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The Science of Maturation

Sheila Dillon finds out about the science of maturation and transformation in foods and drink. Andrew Jefford and Oz Clarke join the tasting of a beer of a unique vintage.

Andrew Jefford finds out about the science of maturation and fermentation in foods, and drink.

What we ferment, and why, alters the nature of the product. Tequila is the fermented juice of the cactus like blue agave plant distilled. It can be drunk unaged, as “blanco”, but aged in barrels it becomes an entirely different product. Enrique de Colsa, head distiller of Jon Julio Tequila tells us why, and how, you age tequila. All alcoholic drinks require some level of maturation, generally speaking the stronger the alcohol the longer the maturation period. As our least alcoholic drink beer is generally drunk young. There are exceptions – properly made Czech lager, Belgium lambic beers - but nothing like the beers recently discovered at the Coors brewery in Burton-upon-Trent. There they recently discovered a hidden cache of old Bass beers, secreted away in now-unused cellars under the town’s streets. Andrew joined Steve Wellington, Head Brewer for Worthington White Shield, Oz Clarke and “Beer Hunter” Michael Jackson at a unique tasting of these old beers, the star of the show the 1869 Ratcliff ale.

Fermentation is also extensively used in foods – cheese, bread, salami, soy sauce. Andrew is joined by Professor Christine Dodd, chair in Microbiology at Nottingham University, and expert on Stilton maturation.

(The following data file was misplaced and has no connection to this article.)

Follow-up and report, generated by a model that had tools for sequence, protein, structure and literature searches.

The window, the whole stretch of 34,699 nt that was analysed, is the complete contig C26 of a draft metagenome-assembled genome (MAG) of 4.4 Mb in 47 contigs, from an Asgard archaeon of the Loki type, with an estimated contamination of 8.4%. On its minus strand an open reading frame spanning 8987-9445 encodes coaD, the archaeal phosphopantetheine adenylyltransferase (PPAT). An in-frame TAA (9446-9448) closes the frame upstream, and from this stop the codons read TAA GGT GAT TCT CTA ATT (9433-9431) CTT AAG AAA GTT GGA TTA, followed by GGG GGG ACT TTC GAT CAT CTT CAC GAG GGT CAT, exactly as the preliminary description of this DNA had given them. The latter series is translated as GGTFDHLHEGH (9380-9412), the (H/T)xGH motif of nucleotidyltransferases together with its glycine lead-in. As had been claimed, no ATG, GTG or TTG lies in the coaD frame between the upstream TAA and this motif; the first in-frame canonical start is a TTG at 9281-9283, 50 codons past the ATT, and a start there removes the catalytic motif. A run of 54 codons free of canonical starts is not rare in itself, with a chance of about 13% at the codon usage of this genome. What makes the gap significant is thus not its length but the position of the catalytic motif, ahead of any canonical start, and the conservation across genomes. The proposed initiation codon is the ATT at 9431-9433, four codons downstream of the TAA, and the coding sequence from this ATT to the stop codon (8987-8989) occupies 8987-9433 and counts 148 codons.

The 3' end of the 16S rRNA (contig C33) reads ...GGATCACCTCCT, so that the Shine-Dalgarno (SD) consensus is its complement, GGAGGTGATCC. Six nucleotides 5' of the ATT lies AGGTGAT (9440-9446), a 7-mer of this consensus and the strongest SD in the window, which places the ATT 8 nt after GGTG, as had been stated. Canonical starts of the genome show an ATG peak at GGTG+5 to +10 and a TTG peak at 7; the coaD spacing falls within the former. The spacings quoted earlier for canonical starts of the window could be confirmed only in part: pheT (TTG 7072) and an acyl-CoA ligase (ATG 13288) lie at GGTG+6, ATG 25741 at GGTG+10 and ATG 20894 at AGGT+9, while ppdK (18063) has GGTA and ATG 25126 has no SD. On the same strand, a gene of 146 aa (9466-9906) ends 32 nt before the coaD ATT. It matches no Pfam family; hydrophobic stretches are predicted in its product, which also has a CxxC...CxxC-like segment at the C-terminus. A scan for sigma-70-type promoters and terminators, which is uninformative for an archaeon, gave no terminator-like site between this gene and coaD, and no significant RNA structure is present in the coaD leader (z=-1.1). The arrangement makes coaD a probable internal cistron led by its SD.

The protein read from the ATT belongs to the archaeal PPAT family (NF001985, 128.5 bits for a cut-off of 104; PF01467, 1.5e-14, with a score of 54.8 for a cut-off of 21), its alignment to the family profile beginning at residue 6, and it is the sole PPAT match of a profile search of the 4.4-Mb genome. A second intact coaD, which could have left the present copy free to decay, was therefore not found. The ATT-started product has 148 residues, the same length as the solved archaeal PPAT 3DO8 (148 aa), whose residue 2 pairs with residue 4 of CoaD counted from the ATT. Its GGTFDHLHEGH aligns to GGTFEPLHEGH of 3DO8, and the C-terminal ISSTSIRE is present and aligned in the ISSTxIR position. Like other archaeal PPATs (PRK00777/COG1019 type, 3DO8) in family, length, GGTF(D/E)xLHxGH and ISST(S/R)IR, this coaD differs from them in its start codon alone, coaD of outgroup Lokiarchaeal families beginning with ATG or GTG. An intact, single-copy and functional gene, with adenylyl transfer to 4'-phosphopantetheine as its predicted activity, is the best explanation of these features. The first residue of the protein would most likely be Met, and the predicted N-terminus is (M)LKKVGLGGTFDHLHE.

Good soy sauce, as good cheese, is made slowly. Traditional soy sauce begins with whole beans, and ends 6 or more months later. Fast-track soy sauce begins with defatted soya meal and, sometimes, acid-hvp, made by mixing hydrolised vegetable protein with hydrochloric acid at high temperature and under pressure.

This fast method was behind the Food Standards Agency a few years ago issuing a warning about unacceptably high levels of a cancer-causing agent, 3-MCPD, in some samples of imported soy sauce. While this problem is now largely eradicated, speedy soy doesn’t taste as good as the long, slowly aged version. In Japan high quality soy sauce is always made the traditional way, and a taste of Japan has been brought to the UK by Shoda.

Food Programme presenter Sheila Dillon and Kimiko Barber, author of The Japanese Kitchen, visited their Newport, Gwent, factory where they produce the organic soy sauce sold here by Clearspring. They are shown around by Toshio Shoda, Sales Director and Production Manager, Ed Torrance.

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25 minutes

Last on

Mon 26 Mar 2007 16:00

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